Mayer: It was like a car. You get a Jordan V and it was like getting a new car.
Lorenzo: Imagine designing and creating chasing that emotion. When a kid sees this, whatever he felt when we hopped out of the car at the end of the campaign video, I want you to feel something that I felt when I was in 8th grade, in 9th grade. The pressure of that emotion that you’re chasing can be heavy.
Mayer: It is a fairly new idea looking into the possibility of a creator also having some mental well-being.
We see the behavior of some of the biggest creators of our generation. People who you’ve both worked with—Kanye—you see what’s happening. We see people going off the rails on social media. Do you guys sympathize with that kind of behavior?
Mayer: That’s a great question, and that’s a great word, sympathize. Yeah, I sympathize. I look at it very differently, though. What happens when you decide to make an invention of yourself? Artists have always been inventions, right? We decide, “Oh, I think I’m gonna be that.” Some people go, “I think I’m gonna make all of this that. I think I’m gonna move all of my chips into the idea of this living invention.” And you can lose yourself in the invention. So I don’t even begin to look at this like “crazy” or off the rails. I don’t really have the data to; I don’t think anybody really does. But I can tell you for sure that a component of it is being at your own steering wheel for so many years as a creative god and not knowing how to say, “Well, now I’m a guy.” We’ve hung, and I was always astounded by Kanye’s ability to donate most of who he is to that invention. The problem is I’ve never seen anybody successfully live inside of the giant robot that you’ve built for many, many years. I just feel like I agreed with the universe when I first met Kanye that I was never just gonna beat on the guy, because I saw a genius. I think a lot of people have. But it just goes to show you that even if you are a genius, you’re still just a dude inside of the bigger metallic version of yourself going, “What does this button do?” And if you don’t check in with someone else to tell you maybe step down from that, you just burn into it. Ultimately, what he’s saying is the same thing every artist wants to say, which is to break free of expectation. Artists have been doing this for hundreds of years, responding to the world, finding out what in the world is hypocritical, what in the world is confining you. I think he’s trying to break through these walls. And everybody has a different way of doing that, and he just invented a larger “Hulk smash” of it all and also didn’t build in a fail-safe, which is someone throwing you into a car and saying get out of here. If you don’t have the boss to tell you…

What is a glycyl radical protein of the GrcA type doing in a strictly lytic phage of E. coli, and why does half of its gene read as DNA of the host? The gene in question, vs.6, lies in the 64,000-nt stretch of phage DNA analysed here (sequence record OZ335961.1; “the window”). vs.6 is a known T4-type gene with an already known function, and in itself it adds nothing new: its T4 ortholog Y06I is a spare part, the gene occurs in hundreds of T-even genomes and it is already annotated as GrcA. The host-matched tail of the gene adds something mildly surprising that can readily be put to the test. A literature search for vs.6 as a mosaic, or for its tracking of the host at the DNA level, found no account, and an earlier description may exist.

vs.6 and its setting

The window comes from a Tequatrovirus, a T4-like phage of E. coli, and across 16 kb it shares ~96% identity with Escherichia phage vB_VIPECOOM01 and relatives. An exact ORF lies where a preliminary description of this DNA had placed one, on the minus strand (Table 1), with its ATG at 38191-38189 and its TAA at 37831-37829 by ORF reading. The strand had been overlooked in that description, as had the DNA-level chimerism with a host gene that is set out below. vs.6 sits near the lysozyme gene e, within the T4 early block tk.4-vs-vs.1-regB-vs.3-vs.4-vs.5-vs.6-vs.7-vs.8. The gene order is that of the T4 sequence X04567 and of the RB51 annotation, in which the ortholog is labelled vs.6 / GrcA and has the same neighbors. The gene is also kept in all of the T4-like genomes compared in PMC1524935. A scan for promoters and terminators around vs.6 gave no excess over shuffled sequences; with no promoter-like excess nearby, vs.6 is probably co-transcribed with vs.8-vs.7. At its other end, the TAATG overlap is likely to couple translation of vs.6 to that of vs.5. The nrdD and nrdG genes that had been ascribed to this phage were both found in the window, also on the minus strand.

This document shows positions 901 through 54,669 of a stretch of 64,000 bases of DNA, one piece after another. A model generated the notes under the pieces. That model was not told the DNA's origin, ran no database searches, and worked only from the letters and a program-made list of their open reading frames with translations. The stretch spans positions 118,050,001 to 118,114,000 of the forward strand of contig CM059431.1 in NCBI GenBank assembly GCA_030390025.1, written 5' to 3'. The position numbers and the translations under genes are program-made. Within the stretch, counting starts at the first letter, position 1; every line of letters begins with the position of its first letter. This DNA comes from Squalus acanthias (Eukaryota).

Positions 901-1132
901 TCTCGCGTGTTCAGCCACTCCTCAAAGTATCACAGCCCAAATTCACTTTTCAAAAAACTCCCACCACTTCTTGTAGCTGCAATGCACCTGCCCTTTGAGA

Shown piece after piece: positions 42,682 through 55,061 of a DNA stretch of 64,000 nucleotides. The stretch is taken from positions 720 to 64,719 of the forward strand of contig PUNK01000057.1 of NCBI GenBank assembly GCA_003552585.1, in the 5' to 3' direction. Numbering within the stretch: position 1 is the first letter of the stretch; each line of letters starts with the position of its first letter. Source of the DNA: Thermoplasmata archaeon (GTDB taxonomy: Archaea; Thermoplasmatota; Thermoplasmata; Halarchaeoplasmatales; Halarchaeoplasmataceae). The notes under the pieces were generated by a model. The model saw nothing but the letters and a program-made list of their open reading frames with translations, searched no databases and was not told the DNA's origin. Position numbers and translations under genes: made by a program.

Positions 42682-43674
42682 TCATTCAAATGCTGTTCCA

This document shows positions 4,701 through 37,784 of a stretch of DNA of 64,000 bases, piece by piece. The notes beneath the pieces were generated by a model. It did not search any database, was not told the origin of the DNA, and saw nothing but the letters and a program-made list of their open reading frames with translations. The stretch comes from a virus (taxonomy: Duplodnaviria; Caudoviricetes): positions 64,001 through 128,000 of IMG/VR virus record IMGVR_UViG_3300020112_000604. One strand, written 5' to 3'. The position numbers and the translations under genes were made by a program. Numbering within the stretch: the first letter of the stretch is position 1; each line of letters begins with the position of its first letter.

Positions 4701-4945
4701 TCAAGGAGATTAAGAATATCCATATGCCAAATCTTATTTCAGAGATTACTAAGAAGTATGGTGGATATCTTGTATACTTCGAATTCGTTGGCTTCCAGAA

And that’s what you hear. You hear the words “yes men” thrown around.
Mayer: Yo. I would love to be sitting in here and saying, “I have nothing to say about Kanye because he’s somewhere treating himself or he’s somewhere being OK.” But to talk about Kanye… I’m not gonna shy away from the Kanye conversation because it’s like an MMA fight where the guy’s not tapping out and his ref isn’t calling the fight. So he’s still a topic of conversation and I cannot wait until the day it would be insensitive to talk about him. I can’t wait. Please, do us the favor of making it seem a little unsavory and a little tacky to talk about it because you tapped out. Please, tap out. I tapped out. Tap out. You know? Instead the ref’s going, “I don’t know what to do. He’s still fighting. He’s still punching back.”